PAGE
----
Sports Management Sends Students to Inaugural Miami Grand Prix – The Exponent
When Formula 1 World Motorsports Championship drivers first speed through Hard Rock Stadium in Miami Gardens, Florida on May 8, they will have behind-the-scenes support from members of the BW Sports Management Program.
A group of sports management majors with qualifying academic records and sufficient prior event experience will take to the track to gain hands-on work experience and provide logistical support to US Formula 1 hotel partners during of the first Miami Grand Prix.
Such trips are not new to the program; BW sent a delegation to the last Formula 1 race in the United States at the Circuit of the Americas in Austin, Texas, and has sent several other major sporting events across the country each year, including the Super Bowl, and will have students who will work at the Kentucky Derby this year. .
“We were looking for additional opportunities because we had made the Super Bowl, this will be our 10th year, we made the college football playoffs,” said Charles Campisi, associate professor and chair of the sports marketing and management program at BW. . “But not everyone is a football fan, are they? And we want to provide students with different experiences.
While Formula 1 has been racing in the United States for over a century, the Miami Grand Prix is a new entry in the series calendar. The first new American race introduced since 1989, the race will be held at the new Miami International Autodrome, a temporary track specifically designed for Formula 1 racing and built around Hard Rock Stadium, home of the NFL’s Miami Dolphins.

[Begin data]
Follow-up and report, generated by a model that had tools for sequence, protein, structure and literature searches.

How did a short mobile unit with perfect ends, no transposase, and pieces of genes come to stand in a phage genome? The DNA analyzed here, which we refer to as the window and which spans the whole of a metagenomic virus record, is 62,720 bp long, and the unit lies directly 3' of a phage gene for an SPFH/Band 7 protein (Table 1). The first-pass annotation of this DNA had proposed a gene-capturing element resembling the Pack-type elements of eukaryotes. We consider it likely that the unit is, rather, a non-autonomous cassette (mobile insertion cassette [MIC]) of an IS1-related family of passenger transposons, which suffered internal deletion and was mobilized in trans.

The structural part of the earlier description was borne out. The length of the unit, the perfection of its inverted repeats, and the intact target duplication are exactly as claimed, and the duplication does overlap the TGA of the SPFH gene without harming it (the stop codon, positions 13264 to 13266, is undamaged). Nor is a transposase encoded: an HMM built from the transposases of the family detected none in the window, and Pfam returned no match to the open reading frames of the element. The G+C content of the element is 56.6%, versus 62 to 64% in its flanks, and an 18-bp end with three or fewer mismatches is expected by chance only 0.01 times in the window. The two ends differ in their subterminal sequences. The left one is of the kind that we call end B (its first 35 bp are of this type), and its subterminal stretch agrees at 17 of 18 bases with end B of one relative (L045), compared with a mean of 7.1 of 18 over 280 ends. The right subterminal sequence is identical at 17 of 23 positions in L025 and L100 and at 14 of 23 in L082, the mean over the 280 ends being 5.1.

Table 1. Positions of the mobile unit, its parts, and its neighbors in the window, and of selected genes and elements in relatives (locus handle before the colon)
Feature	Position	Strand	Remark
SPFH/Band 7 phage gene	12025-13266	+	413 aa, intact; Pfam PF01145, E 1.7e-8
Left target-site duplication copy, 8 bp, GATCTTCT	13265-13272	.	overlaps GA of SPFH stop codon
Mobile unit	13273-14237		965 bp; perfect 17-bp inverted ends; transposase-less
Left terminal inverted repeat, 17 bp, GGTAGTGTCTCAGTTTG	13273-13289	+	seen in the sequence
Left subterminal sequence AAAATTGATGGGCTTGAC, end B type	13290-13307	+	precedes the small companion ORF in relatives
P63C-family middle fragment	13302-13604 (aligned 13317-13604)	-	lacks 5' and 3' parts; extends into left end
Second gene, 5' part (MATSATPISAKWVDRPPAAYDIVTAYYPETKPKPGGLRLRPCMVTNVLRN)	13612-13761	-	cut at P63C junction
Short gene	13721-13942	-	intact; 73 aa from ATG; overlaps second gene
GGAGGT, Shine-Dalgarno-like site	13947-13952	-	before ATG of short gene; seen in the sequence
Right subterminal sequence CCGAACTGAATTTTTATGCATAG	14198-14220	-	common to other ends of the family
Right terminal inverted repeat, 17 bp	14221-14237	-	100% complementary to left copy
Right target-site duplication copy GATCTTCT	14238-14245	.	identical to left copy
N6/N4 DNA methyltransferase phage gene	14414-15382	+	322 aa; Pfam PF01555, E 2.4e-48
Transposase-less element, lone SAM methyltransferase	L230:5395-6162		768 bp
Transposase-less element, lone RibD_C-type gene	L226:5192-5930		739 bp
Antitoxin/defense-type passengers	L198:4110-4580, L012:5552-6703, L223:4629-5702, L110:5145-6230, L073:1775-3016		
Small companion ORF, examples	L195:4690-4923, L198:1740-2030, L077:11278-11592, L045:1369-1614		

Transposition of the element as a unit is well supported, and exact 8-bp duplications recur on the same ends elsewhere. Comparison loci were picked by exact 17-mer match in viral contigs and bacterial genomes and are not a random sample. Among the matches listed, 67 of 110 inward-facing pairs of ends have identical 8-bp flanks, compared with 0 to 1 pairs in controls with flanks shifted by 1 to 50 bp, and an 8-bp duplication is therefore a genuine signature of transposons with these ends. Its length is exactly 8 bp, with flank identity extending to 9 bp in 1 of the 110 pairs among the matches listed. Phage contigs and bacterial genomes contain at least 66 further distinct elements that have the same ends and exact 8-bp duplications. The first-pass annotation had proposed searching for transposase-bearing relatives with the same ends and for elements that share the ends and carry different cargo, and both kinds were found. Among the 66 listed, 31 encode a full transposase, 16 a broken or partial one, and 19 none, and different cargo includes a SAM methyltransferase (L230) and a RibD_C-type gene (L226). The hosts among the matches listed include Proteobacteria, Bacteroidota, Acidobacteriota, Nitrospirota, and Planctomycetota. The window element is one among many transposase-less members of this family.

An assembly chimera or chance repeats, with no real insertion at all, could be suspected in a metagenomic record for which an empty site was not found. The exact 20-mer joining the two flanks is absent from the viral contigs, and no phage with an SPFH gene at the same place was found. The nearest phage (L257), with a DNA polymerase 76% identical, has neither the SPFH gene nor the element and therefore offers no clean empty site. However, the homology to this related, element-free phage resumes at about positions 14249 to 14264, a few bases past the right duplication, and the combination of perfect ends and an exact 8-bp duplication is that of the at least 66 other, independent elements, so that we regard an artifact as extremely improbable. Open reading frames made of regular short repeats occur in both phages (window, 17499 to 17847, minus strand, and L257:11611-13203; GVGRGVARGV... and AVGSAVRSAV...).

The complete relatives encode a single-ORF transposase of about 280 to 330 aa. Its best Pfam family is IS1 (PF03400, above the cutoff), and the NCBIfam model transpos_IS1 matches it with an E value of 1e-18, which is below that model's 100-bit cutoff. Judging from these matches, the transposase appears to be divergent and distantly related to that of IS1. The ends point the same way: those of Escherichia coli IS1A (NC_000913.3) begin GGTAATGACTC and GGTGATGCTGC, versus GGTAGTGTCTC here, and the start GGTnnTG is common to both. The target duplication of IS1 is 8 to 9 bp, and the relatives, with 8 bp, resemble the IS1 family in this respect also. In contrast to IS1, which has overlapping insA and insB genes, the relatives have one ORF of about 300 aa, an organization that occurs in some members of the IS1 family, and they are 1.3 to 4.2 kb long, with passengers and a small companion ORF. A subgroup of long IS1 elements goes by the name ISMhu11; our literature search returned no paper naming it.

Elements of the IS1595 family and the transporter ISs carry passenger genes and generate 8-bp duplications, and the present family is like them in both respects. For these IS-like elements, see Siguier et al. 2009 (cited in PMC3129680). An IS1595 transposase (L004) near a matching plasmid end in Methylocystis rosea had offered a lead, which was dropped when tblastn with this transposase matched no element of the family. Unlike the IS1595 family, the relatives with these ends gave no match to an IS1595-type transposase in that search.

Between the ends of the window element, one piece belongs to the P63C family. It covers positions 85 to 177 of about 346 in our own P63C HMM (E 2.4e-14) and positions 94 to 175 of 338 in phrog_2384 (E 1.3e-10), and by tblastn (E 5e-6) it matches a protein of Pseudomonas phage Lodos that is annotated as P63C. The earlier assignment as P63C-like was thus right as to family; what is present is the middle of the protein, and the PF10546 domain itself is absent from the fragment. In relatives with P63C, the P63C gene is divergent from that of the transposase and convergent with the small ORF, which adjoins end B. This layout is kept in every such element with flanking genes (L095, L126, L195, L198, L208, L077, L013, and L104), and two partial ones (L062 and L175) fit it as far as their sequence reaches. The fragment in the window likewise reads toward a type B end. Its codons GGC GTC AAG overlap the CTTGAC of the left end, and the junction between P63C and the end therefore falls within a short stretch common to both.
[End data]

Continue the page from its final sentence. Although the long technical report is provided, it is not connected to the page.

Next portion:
Campisi said the novelty of the event presents a challenge for the students, who, unlike those who work at the Super Bowl, have no precedent for their responsibilities in the event. Another difficulty has to do with the timing of the event: the race is scheduled for Mother’s Day, which is the day after the Kentucky Derby, where the BW students will also have a group stationed.
“We’re going to have troops divided,” Campisi said of the busy weekend. “It will be interesting, but hopefully we can get at least a few people over there to take care of it.”
Campisi said that while experiential learning trips like these happen at other schools, “probably none do as much as we do.” Those opportunities allow BW to separate itself from sports management programs at much larger schools like Ohio State University or the University of Alabama, he said.
“It’s obviously a great recruiting tool,” Campisi said. “When you’re talking to potential freshmen…and you can say, ‘Hey, you know, look at the roster [of] the trips we have, and you can be a part of them and they can be on your resume when you graduate. We are probably one of the few to do so.